Nez Perce


Also found in: Thesaurus, Encyclopedia, Wikipedia.
Related to Nez Perce: Chief Joseph

Nez Perce

 (nĕz′ pûrs′, nĕs′) also Nez Per·cé (pər-sā′)
n. pl. Nez Perce or Nez Per·ces (pûr′sĭz) also Nez Percé or Nez Per·cés (-sāz′)
1. A member of a Native American people formerly inhabiting the lower Snake River and its tributaries in western Idaho, northeast Oregon, and southeast Washington, with present-day populations in western Idaho and northeast Washington.
2. The Sahaptian language of the Nez Perce.

[French Nez-Percé : nez, nose + percé, past participle of percer, to pierce (on the model of Nez Perce cú·pn'itpel'u· : cú·pn'it, piercing + -pel'u·, people, from the nasal septum piercing practiced by the Nez Perce up to the early 1800s ).]

Nez Percé

(ˈnɛz ˈpɜːs; French ne pɛrse)
npl Nez Percés (ˈpɜːsɪz; French pɛrse) or Nez Percé
1. (Peoples) a member of a North American Indian people of the Pacific coast, a tribe of the Sahaptin
2. (Languages) the Sahaptin language of this people
[French, literally: pierced nose]

Nez Percé

(ˈnɛz ˈpɜrs)

n., pl. Nez Per•cés, (esp. collectively) Nez Percé.
1. a member of an American Indian people of the lower Snake and Salmon river regions in Idaho, SE Washington, and NE Oregon.
2. the language of the Nez Percé, akin to Sahaptin.
[1805–15; < French: literally, pierced nose]
ThesaurusAntonymsRelated WordsSynonymsLegend:
Noun1.Nez Perce - a member of a tribe of the Shahaptian people living on the pacific coastNez Perce - a member of a tribe of the Shahaptian people living on the pacific coast
Sahaptin, Sahaptino, Shahaptian - a member of a North American Indian people who lived in Oregon along the Columbia river and its tributaries in Washington and northern Idaho
2.Nez Perce - the Shahaptian language spoken by the Nez Perce
Sahaptin, Shahaptian - a Penutian language spoken by the Shahaptian
References in classic literature ?
Clarke laid up his barge and canoes in a sheltered place, on the banks of a small bay, overgrown with shrubs and willows, confiding them to the care of the Nez Perce chief, who, on being promised an ample compensation, engaged to have a guardian eye upon them; then mounting his steed, and putting himself at the head of his little caravan, he shook the dust off his feet as he turned his back upon this village of rogues and hard dealers.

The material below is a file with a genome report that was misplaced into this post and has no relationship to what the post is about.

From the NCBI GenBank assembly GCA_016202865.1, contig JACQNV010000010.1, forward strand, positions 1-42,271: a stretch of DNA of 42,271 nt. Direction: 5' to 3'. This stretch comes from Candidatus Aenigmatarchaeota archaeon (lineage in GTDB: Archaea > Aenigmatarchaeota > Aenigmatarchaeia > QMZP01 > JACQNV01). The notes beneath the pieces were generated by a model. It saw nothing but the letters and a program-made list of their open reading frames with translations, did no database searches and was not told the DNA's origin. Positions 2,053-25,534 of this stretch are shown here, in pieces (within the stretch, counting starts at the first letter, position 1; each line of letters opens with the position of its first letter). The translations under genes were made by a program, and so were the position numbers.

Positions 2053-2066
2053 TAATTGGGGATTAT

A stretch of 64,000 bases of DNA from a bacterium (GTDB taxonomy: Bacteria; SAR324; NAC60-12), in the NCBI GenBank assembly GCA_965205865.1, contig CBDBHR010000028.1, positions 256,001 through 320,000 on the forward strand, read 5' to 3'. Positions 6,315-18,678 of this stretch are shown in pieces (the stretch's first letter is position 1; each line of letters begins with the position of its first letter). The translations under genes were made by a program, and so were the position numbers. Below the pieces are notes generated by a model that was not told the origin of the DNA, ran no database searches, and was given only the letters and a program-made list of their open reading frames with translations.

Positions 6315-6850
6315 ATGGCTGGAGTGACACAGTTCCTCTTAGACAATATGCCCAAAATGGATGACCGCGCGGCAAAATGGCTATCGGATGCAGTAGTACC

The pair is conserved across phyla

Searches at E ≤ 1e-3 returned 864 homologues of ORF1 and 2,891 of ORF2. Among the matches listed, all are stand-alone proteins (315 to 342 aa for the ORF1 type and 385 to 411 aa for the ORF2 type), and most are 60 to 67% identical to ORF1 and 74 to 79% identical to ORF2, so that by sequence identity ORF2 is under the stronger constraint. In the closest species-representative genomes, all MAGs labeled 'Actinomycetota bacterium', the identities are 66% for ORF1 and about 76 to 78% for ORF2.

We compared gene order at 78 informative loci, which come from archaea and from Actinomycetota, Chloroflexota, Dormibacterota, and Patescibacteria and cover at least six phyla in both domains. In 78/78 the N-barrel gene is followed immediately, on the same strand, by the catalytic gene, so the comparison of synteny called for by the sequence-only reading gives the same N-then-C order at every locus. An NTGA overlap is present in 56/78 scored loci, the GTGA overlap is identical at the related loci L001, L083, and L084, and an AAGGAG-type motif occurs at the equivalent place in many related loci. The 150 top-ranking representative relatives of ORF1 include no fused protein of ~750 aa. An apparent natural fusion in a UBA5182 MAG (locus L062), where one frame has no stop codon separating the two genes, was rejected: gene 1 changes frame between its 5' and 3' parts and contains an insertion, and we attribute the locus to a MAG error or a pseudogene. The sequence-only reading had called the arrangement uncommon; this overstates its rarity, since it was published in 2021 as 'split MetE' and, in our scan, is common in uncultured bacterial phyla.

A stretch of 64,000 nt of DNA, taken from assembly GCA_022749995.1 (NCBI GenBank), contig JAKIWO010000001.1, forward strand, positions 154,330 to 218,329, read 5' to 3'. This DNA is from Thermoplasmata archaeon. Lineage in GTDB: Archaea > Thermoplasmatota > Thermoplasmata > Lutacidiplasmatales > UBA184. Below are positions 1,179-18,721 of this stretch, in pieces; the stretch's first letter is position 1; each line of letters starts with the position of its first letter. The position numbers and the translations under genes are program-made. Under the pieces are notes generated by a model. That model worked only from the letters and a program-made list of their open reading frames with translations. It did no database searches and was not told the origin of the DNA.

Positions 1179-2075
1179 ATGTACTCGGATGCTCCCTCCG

Here he found a village or encampment of forty huts or tents, covered with mats, and inhabited by Nez Perces, or Pierced-nose Indians, as they are called by the traders; but Chipunnish, as they are called by themselves.
This speech was translated two or three times by Nez Perce and creole interpreters.
Here, also, the savage tribes connected with the trade, the Nez Perces or Chopunnish Indians, and Flatheads, had pitched their lodges beside the streams, and with their squaws, awaited the distribution of goods and finery.
Unluckily, the trappers and their allies, in searching for the fort, had got scattered, so that Wyeth, and a number of Nez Perces, approached the fort on the northwest side, while others did the same on the opposite quarter.
This however, was abandoned; the Nez Perces being unwilling to destroy the robes and blankets, and other spoils of the enemy, which they felt sure would fall into their hands.
- Laurel Sayer, CEO of Midas Gold Idaho, a Midas Gold subsidiary, commented on a lawsuit filed by the Nez Perce Tribe to force the Canadian company to clean up an idle central Idaho mining area - which the company says it plans to do if it gets approval from U.S.
EM Hanford Site Manager Brian Vance, far left, back row, recently visited students at the Preparing for Academic Excellence (PACE) Camp on the Nez Perce Tribes reservation following his briefing on Hanford Site cleanup progress to the Nez Perce Tribal Executive Committee.
Common names for these bags include "soft wallets," "cornhusk bags," and "Nez Perce" bags.
For the Nez Perce Tribe, the year so far has been one of business expansion starting with a hole in one and, more recently, taking the plunge into a hot springs enterprise.
Thunder in the Mountains: Chief Joseph, Oliver Otis Howard, and the Nez Perce War
And woven through the storyline is the iconography of the frontier--the rodeo queens, the prairie, the rich tribal history of the Nez Perce Indians who first settled the Wallowa region thousands of years ago.